DATE OF JUDGMENT: 12/03/2013.
COURT FROM WHICH APPEALED: PEARL RIVER COUNTY CHANCERY COURT. TRIAL JUDGE: HON. DEBORAH J. GAMBRELL. TRIAL COURT DISPOSITION: AWARDED PLAINTIFF/APPELLEE PRIMARY PHYSICAL CUSTODY OF MINOR CHILD, AWARDED JOINT LEGAL CUSTODY, AND GRANTED DEFENDANT/APPELLANT EXTENDED WEEKEND VISITATION ONCE A MONTH.
FOR APPELLANT: S. CHRISTOPHER FARRIS, TERRY L. CAVES, STEVEN J. IRWIN, RISHER GRANTHAM CAVES.
FOR APPELLEE: CLEMENT S. BENVENUTTI.
BEFORE IRVING, P.J., ROBERTS AND MAXWELL, JJ. LEE, C.J., GRIFFIS, P.J., BARNES, ISHEE, ROBERTS, CARLTON, MAXWELL, FAIR AND JAMES, JJ., CONCUR.
NATURE OF THE CASE: CIVIL - DOMESTIC RELATIONS
[¶1] This appeal arises from a final custody order entered by the Chancery Court of Pearl River County in favor of the appellee, John Dobson. We are called upon to decide whether there is substantial evidence supporting the chancery court's findings as to certain Albright  factors and whether the chancery court erred by awarding the appellant, Stephanie Dobson, only one extended weekend of visitation per month.
[¶2] Finding no reversible error, we affirm.
[¶3] John and Stephanie married on November 11, 2004. The parties had only one child, Hayden, who was born on January 6, 2010. In September 2012, without notifying John, Stephanie quit her job in Picayune, and she and Hayden moved to Winnfield, Louisiana, to live with her parents.
[¶4] On October 16, 2012, John filed a complaint for divorce, requesting, among other things, temporary and permanent custody of Hayden. On November 2, 2012, the chancery court entered a temporary custody order granting the parties joint physical custody of Hayden, and pursuant to that order, Hayden spent alternating two-week periods with Stephanie and John. The case went to trial on October 22, 2013. Following trial, the chancery court awarded John and Stephanie joint legal custody of Hayden, and awarded John primary physical custody. The chancery court also extended the two-week visitation schedule until July 2014, and, as stated, the chancery court granted Stephanie one weekend of visitation per month, beginning in August 2014. Stephanie now appeals.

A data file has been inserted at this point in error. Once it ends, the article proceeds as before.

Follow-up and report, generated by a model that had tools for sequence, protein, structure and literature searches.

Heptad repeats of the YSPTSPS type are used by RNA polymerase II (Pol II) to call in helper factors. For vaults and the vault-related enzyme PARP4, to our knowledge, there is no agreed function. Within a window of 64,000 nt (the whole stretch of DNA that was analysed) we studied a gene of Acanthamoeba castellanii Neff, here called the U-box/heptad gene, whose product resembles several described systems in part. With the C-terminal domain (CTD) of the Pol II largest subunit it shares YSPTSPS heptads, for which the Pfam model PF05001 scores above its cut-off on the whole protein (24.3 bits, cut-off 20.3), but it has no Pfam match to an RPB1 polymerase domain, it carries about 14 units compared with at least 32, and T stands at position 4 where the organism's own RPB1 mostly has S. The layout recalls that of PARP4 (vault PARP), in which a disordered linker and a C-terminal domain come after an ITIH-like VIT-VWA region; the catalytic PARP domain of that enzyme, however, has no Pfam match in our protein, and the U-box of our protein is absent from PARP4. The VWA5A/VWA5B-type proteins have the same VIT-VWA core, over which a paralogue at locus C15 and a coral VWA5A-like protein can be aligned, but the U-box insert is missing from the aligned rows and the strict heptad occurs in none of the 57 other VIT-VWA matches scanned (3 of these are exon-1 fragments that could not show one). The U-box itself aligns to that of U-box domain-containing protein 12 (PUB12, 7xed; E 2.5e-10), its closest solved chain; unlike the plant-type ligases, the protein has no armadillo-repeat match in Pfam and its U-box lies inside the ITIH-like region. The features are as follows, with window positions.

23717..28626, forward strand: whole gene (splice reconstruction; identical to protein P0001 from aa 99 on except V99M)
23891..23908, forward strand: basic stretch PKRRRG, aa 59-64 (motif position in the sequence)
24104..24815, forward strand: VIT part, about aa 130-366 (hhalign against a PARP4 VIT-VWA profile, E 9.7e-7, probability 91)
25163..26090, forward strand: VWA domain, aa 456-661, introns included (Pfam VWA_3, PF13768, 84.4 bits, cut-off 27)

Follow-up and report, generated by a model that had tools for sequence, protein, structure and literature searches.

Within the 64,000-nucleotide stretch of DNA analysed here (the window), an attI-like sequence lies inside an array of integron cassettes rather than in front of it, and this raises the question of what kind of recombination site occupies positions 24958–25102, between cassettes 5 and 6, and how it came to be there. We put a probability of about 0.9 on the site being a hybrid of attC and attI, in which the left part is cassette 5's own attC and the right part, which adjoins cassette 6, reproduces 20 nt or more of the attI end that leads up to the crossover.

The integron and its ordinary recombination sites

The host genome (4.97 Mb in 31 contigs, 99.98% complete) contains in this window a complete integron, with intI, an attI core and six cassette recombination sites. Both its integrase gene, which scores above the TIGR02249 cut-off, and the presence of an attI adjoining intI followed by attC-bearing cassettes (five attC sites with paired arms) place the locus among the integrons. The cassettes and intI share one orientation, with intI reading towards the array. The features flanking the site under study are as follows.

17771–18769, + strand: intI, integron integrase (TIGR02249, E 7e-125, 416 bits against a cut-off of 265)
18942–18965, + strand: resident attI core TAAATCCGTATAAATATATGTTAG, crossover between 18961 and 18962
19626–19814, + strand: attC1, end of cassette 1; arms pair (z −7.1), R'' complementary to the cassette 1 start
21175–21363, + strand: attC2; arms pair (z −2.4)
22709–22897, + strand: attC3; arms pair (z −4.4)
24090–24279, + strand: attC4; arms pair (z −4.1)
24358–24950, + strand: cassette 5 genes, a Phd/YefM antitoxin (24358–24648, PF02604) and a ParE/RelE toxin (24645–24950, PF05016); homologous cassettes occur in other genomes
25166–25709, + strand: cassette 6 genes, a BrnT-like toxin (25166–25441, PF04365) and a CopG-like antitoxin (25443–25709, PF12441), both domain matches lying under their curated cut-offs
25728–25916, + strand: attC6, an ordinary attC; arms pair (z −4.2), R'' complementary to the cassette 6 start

[¶5] In Brumfield v. Brumfield, 49 So.3d 138, 142 (¶ 9) (Miss. Ct.App. 2010) (internal citations and quotations omitted), this Court stated:
A [chancery court's] findings of fact will not be disturbed unless manifestly wrong or clearly erroneous. This Court will not disturb the findings of a [chancery court] when supported by substantial evidence unless the [chancery court] abused [its] discretion, was manifestly wrong, clearly erroneous[,] or an erroneous legal standard was applied. Furthermore, we will affirm the child-custody decree if the record shows any ground upon which the decision may be justified. We will not arbitrarily substitute our judgment for that of the [chancery court, which] is in the best position to evaluate all factors relating to the best interest of the child.
I. Albright Factors
[¶6] It is well-settled that " the polestar consideration in child[-]custody cases is the best interest and welfare of the child." Albright, 437 So.2d at 1005. In determining the best interest and welfare of the child, the chancery court must consider the Albright factors. Blakely v. Blakely, 88 So.3d 798, 803 (¶ 16) (Miss. Ct.App. 2012) (citation omitted). Additionally,
[a]n appellate court must find a [chancery court] in error where the [chancery court] improperly considers and applies the Albright factors. In determining whether the [chancery court] abused [its] discretion in applying the Albright factors, the appellate court reviews the evidence and testimony presented at trial under each factor to ensure the [chancery court's] ruling was supported by [the] record.
Tanner v. Tanner, 956 So.2d 1106, 1108 (¶ 7) (Miss. Ct.App. 2007) (internal citations and quotation marks omitted). Stephanie only challenges the chancery court's findings as to five ...